When Swedish investigators asked Bombardier to provide the original due diligence on Multiserv, the company did not give it to them, a source with knowledge of the investigation told The Globe. The Globe is not naming the source because they are not authorized to disclose that information. Mr. Edlund would not comment.

In their own investigation of Multiserv, Swedish police unearthed even more curious circumstances about the company. Police found that its registered director in 2015 and 2016, a Russian woman in Cyprus, was merely a proxy, according to a memo filed by law enforcement authorities.

The memo says the woman came to the Mediterranean country “as a dancer and worked the first years there at nightclubs” before she began running a multimillion-dollar railway operation. The woman told Swedish police she was merely a nominee director and her previous work experience was “irrelevant.” When she did paperwork for Multiserv, she “was only acting on the instructions received from the [company] representative,” she said.

Swedish police followed the money paid to Multiserv to figure out if the company, in fact, used any of it in the Azerbaijan project, such as for installing equipment. But they found nothing of that kind.

Instead, they saw that money was funnelled through the partners’ companies offshore. Some of the money appears to have sponsored the Formula 2 car-racing career of Artem Markelov, the son of one of the Russian partners, Valery Markelov.

“Why should the Azeri taxpayers’ money end up there? That feels strange, but then again, there is so much that is strange about this,” Mr. Edlund, the prosecutor, said.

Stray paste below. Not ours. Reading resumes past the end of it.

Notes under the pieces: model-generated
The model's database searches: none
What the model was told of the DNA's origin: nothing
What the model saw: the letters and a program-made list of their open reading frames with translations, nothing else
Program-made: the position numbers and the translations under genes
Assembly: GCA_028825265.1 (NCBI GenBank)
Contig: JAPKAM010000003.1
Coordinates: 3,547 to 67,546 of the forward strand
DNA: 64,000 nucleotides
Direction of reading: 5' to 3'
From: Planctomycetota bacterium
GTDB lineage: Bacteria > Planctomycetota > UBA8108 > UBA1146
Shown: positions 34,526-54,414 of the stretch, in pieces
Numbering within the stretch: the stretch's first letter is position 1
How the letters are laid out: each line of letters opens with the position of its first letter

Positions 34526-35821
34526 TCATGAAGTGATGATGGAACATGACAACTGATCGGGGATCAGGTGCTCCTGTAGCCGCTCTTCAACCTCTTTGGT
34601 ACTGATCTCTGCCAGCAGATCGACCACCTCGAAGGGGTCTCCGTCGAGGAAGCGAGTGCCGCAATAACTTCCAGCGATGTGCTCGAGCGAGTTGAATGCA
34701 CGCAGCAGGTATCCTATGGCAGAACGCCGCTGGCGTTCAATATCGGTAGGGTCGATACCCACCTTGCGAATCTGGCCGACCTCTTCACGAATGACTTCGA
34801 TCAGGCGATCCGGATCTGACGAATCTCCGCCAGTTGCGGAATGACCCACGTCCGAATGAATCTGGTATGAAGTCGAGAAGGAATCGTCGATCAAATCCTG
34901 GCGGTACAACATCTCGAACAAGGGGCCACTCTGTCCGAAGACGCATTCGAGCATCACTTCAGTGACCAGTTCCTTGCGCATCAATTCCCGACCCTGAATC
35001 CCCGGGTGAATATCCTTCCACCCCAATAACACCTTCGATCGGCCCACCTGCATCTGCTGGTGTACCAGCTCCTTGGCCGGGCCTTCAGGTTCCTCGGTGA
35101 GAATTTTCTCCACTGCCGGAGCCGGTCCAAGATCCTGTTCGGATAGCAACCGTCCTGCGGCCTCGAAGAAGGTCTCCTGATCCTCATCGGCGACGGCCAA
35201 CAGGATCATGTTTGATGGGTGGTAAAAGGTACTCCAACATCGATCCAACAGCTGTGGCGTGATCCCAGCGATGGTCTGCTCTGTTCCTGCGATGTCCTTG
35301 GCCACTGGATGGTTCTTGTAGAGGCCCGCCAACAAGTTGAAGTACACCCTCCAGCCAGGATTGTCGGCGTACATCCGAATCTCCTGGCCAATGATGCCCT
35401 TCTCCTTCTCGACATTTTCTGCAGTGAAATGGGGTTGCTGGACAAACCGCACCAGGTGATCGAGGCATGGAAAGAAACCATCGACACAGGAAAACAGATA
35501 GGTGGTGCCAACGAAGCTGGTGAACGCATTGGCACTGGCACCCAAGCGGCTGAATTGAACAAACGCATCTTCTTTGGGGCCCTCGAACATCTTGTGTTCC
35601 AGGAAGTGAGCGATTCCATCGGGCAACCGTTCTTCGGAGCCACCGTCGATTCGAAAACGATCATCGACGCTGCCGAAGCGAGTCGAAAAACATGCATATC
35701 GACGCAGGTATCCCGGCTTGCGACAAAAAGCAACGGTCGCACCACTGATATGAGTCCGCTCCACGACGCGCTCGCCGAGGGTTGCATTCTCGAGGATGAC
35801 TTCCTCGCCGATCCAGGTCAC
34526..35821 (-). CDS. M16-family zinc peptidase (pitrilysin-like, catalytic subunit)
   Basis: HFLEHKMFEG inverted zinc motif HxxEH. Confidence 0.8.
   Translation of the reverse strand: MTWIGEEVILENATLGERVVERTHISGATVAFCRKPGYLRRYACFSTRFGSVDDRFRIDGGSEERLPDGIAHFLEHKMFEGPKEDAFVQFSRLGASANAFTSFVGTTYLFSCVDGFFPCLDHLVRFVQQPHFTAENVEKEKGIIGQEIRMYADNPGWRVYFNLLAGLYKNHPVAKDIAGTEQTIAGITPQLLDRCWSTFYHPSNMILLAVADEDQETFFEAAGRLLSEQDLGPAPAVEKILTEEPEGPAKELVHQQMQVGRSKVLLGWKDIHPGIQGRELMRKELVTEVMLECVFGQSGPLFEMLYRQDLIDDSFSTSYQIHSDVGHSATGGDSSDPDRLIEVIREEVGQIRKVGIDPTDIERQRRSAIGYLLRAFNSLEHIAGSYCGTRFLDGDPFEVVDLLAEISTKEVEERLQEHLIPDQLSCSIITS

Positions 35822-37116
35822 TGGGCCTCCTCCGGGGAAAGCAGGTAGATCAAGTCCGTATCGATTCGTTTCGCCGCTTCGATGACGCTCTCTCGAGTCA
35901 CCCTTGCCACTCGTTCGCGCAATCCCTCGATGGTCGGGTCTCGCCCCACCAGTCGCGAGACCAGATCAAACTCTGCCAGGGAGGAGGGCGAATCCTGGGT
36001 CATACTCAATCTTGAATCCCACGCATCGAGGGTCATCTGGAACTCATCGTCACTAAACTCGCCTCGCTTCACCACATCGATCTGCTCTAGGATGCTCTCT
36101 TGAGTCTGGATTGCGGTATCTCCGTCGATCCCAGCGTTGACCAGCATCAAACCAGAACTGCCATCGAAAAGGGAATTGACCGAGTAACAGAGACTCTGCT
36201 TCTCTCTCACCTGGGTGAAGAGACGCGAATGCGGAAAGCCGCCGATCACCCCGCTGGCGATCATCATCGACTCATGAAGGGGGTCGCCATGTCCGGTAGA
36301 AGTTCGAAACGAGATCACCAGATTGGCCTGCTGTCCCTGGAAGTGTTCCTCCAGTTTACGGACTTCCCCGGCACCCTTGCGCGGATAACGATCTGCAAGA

Valery Markelov was arrested in Russia in 2018 on suspicions of paying bribes in relation to railway deals and contracts for the Olympic Winter Games in Sochi in 2014. Russian media recently reported that Mr. Markelov was still in pretrial detention and his – and Bombardier’s – partners Mr. Krapivin and Mr. Usherovich were wanted in the same case.

Bombardier’s Russian partners, through the company 1520 Group, where Mr. Krapivin is CEO, did not respond to a request for comment.

Bombardier sold its railway division to French train maker Alstom last year, but according to Bombardier’s most recent annual report, it remains liable to Alstom in the event any damages are awarded in the bribery case. “There is no evidence that suggests a corrupt payment was made or offered to a public official or that any other criminal activity involving Bombardier took place,” the annual report says.

Conducting business with integrity and the highest ethical standards is a top priority for the company and its 13,000 employees, Ms. Cristofaro said. “We take these matters very seriously and are co-operating with the relevant regulatory authorities.”

Mr. Edlund has previously said that Mr. Bimer would likely be the highest-ranking official charged in the affair, and that the National Anti-Corruption Unit had no evidence to support charges against Mr. Bimer’s superiors in Montreal.

Swedish police spent years investigating Multiserv, Mr. Edlund said. And while the transactions involving the Russian partners were part of the structure of the Azerbaijan project, and helped Bombardier in obtaining the contract, Mr. Edlund said he was not able to indict anyone in Sweden for the deal with Multiserv.

A verdict in Mr. Bimer’s case is expected toward the end of this year or in early 2022. If convicted, he faces up to six years’ imprisonment.

Bombardier will refrain from providing additional comments because the matter is under review by regulators and Mr. Bimer’s case is before the Swedish courts, Ms. Cristofaro said.

With reports from Nicolas Van Praet in Montreal